Microsoft’s Nadella Hints at Wearables, Tosses Barb at Google


Microsoft (NASDAQ:MSFT) CEO Satya Nadella threw a barb at competitor Google (NASDAQ:GOOG) in an interview at Fortune's Brainstorm Tech Conference, as he discussed the software giant’s future.

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A participant asked Nadella what Microsoft could learn from Google's moonshot projects like driverless cars and Google Glass, which are products of Google X Labs.

Nadella retorted: "There's always a lot to learn from people who market themselves well."

The comment drew laughs from the audience and interviewer Walter Isaacson. Nadella continued to make the case for Microsoft's ongoing projects. He cited the "$6 billion business" of databases and the potential of Skype Translate.

As energized and animated as ever, Nadella acknowledged the questioner's point, adding that Microsoft could do "more" to have a wider impact with its research. He noted his approach would be different.

Nadella also said Microsoft will join the wearables category but offered no specifics.

"We have ambitions," he said on stage to Isaacson.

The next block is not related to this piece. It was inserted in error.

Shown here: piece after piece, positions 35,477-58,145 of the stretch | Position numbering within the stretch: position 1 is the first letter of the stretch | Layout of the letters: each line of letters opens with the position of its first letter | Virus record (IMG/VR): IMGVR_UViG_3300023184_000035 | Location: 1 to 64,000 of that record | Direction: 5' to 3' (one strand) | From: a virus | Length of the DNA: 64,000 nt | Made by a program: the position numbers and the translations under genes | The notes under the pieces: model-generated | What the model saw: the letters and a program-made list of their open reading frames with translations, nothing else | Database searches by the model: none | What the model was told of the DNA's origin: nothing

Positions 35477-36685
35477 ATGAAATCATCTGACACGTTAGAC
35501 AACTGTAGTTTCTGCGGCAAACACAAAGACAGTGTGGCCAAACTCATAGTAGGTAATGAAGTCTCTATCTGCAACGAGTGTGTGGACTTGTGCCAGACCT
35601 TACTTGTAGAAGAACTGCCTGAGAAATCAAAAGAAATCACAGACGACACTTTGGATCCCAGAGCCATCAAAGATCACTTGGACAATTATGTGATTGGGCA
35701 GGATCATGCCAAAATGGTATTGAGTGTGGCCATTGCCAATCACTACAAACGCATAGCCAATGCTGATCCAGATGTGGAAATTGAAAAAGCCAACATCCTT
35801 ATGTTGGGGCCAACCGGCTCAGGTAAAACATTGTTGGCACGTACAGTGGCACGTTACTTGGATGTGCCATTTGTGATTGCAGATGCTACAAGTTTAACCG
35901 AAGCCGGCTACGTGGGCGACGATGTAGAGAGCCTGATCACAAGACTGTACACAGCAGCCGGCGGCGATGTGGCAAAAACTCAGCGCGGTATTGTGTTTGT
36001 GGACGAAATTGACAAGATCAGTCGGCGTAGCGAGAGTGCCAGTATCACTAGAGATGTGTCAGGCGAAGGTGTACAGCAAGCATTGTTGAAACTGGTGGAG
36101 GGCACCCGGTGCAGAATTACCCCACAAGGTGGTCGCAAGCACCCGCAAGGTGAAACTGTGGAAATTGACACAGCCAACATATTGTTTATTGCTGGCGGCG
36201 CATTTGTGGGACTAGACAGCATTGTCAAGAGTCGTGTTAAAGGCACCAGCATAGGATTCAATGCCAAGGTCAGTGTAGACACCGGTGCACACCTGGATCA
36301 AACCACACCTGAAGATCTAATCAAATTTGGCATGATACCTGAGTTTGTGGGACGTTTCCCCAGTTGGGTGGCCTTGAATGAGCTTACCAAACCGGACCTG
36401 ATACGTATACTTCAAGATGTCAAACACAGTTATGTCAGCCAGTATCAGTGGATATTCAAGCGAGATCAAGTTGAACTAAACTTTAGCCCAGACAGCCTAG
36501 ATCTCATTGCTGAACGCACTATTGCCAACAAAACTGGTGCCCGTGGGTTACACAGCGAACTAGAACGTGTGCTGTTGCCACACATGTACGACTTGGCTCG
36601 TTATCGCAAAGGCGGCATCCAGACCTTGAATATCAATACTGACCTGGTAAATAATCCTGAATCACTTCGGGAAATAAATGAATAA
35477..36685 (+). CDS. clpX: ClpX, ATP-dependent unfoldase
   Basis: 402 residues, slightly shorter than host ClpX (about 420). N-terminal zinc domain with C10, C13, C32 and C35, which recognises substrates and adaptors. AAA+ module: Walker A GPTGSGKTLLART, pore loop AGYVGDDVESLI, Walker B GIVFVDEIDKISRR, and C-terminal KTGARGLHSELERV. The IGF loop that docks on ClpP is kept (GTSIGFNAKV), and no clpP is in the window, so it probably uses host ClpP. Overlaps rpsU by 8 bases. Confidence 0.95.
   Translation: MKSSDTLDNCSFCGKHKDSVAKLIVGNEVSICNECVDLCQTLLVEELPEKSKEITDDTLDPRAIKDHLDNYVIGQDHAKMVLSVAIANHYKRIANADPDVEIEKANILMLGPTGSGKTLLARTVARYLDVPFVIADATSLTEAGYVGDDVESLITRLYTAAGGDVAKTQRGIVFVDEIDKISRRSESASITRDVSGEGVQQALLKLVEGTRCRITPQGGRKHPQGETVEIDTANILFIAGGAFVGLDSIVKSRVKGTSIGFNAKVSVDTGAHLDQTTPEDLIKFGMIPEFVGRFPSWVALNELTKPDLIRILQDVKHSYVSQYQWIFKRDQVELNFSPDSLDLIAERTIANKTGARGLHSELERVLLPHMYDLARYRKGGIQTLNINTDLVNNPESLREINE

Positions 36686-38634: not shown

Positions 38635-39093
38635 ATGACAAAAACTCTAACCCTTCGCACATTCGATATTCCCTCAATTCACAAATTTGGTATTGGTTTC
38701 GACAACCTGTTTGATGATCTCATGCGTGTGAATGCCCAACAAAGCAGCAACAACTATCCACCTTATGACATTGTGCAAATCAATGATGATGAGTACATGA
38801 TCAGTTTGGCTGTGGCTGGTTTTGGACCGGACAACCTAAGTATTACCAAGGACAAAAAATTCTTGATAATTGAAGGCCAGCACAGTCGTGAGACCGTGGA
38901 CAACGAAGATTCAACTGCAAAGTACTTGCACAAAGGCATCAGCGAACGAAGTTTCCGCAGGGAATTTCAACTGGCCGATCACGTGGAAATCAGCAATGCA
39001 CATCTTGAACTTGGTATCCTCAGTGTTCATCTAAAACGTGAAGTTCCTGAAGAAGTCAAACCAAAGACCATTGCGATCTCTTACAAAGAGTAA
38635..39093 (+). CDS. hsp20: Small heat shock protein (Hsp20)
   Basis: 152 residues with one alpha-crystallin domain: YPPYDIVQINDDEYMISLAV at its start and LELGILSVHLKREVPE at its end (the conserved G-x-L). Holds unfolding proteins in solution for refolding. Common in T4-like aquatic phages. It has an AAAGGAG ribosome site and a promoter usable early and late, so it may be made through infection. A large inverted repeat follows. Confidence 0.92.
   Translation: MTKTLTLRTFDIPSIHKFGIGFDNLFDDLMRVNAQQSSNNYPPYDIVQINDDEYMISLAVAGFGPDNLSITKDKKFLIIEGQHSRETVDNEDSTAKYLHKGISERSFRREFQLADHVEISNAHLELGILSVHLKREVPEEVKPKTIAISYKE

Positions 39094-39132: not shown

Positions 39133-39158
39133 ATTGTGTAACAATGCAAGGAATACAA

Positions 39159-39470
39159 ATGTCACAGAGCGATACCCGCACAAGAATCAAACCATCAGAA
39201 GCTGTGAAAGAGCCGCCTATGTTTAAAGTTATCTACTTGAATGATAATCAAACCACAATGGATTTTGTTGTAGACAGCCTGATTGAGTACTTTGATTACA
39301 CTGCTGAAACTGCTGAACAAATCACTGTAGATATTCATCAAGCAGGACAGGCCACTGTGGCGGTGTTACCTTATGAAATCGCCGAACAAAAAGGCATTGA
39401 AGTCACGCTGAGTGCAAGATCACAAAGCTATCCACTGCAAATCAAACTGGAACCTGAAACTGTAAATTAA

Among his other ambitions is fixing Microsoft's mobile strategy.

"I would say we have a lot of work to do," Nadella said. "We have 90% of the PC market but only 14% of device share...we are growing in tablets and phones but we are coming in from behind."

Success for Nadella is centered around achieving mass relevance for the company's mobile-first products. He said success will be achieved when Microsoft apps appear on the home screens of all Windows, iOS and Android devices around the world.

When asked about a lengthy memo he sent employees last week, Nadella said his primary focus is productivity. He defined the word as "the most secular category in life and work." Nadella did not provide details on the changes to come, but he reiterated they will be announced after Microsoft reports earnings on July 22.

Perhaps most interestingly, Nadella revealed he enjoys capturing recipes printed in newspapers with his smartphone camera and digitizing them so they become searchable text.

"That's productivity!" he exclaimed.

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